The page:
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City honours Alex’s first victim of the 1976 uprising Print E-mail
19 June 2017
                                                                                Photo by: Gezani Chauke

The City of Johannesburg honoured Japie Vilankulu, Alexandra’s first victim of the June 1976 youth uprising, when Council Speaker Cllr Vasco da Gama laid a wreath on his grave at the Alexandra Cemetery on Saturday June 17.

The wreath-laying ceremony – also attended by Chief Whip Cllr Kevin Wax, local ward councillors and senior council officials – was part of the City’s commemoration of the 41st anniversary of the day when a peaceful youth protest against the use of Afrikaans as a medium of instruction in black schools ended in bloodshed.

Vilankulu was killed by a police bullet on 17 June 1976, a day after the uprising broke out in Soweto.

Speaking during the wreath-laying ceremony, Cllr Da Gama said Vilankulu was an inspiration and that his name would forever be etched in the history of South Africa’s struggle against oppression and exploitation.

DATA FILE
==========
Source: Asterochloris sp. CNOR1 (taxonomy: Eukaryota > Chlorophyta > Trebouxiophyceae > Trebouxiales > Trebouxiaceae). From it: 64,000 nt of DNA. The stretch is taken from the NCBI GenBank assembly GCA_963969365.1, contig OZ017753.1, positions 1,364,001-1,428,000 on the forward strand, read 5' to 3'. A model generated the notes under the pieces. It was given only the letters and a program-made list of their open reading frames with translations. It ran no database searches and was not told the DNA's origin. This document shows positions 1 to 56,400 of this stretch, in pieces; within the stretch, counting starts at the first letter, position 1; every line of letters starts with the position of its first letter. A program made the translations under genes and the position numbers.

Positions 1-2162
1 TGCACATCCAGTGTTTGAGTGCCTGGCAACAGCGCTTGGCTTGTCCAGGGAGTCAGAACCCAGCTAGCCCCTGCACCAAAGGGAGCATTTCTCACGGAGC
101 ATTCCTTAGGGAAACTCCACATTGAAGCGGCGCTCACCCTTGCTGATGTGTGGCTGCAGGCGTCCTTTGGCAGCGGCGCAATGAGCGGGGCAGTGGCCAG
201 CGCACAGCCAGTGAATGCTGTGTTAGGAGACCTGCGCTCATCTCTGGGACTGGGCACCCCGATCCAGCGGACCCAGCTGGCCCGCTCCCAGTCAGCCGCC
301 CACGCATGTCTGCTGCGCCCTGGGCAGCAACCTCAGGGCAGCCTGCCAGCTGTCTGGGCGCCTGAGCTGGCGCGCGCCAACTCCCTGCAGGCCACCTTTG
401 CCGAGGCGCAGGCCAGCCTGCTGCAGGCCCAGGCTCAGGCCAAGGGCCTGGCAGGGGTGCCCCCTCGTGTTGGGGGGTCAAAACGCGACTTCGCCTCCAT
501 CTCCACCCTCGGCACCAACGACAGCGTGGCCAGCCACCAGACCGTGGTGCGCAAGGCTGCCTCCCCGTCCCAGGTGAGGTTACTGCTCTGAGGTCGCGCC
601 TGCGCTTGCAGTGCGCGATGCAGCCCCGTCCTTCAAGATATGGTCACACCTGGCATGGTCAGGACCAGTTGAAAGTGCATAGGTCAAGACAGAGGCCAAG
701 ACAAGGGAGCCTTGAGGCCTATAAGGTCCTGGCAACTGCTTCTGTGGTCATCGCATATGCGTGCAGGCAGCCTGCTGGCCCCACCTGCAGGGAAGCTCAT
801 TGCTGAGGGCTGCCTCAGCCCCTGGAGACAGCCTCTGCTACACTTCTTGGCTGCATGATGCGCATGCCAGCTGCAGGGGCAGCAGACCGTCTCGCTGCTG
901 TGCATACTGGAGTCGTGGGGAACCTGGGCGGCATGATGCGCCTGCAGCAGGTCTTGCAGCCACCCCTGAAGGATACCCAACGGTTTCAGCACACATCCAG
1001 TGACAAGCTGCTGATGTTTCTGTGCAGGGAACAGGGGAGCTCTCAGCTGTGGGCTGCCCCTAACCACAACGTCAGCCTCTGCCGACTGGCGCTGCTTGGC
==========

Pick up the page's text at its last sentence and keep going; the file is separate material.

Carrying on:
He said more than ever before South Africa’s political discourse needed the contribution and participation of young people like Vilankulu. He said South Africa had asked for a lot from the Class of 1976.

“Today we need to ask [from our youth] for even more. We call upon the youth to be a vehicle of change. Yes, you need to remember what happened in 1976, but you also need to look at the present and the future,” Cllr Da Gama said.

“To today’s youth, please don’t sit back and wish for your lives to be better. Engage us. Work with us. Challenge us.”

Cllr Da Gama said as today’s youth were reaping the fruits from the tree planted by Vilankulu and his comrades, the challenge for them now was to build on those gains and create a legacy to be enjoyed by future generations.

Speaking on behalf of the family, Michael Vilankulu said the City’s gesture was humbling. He said this was the first time since the advent of democracy 23 years ago that such an honour was bestowed on his brother.

“The struggle to liberate South Africa did not start and end in Soweto. Alexandra has never seen anything like this from the ANC government. After two decades my brother has received the recognition he so deserves,” he said.

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Last Updated on 19 June 2017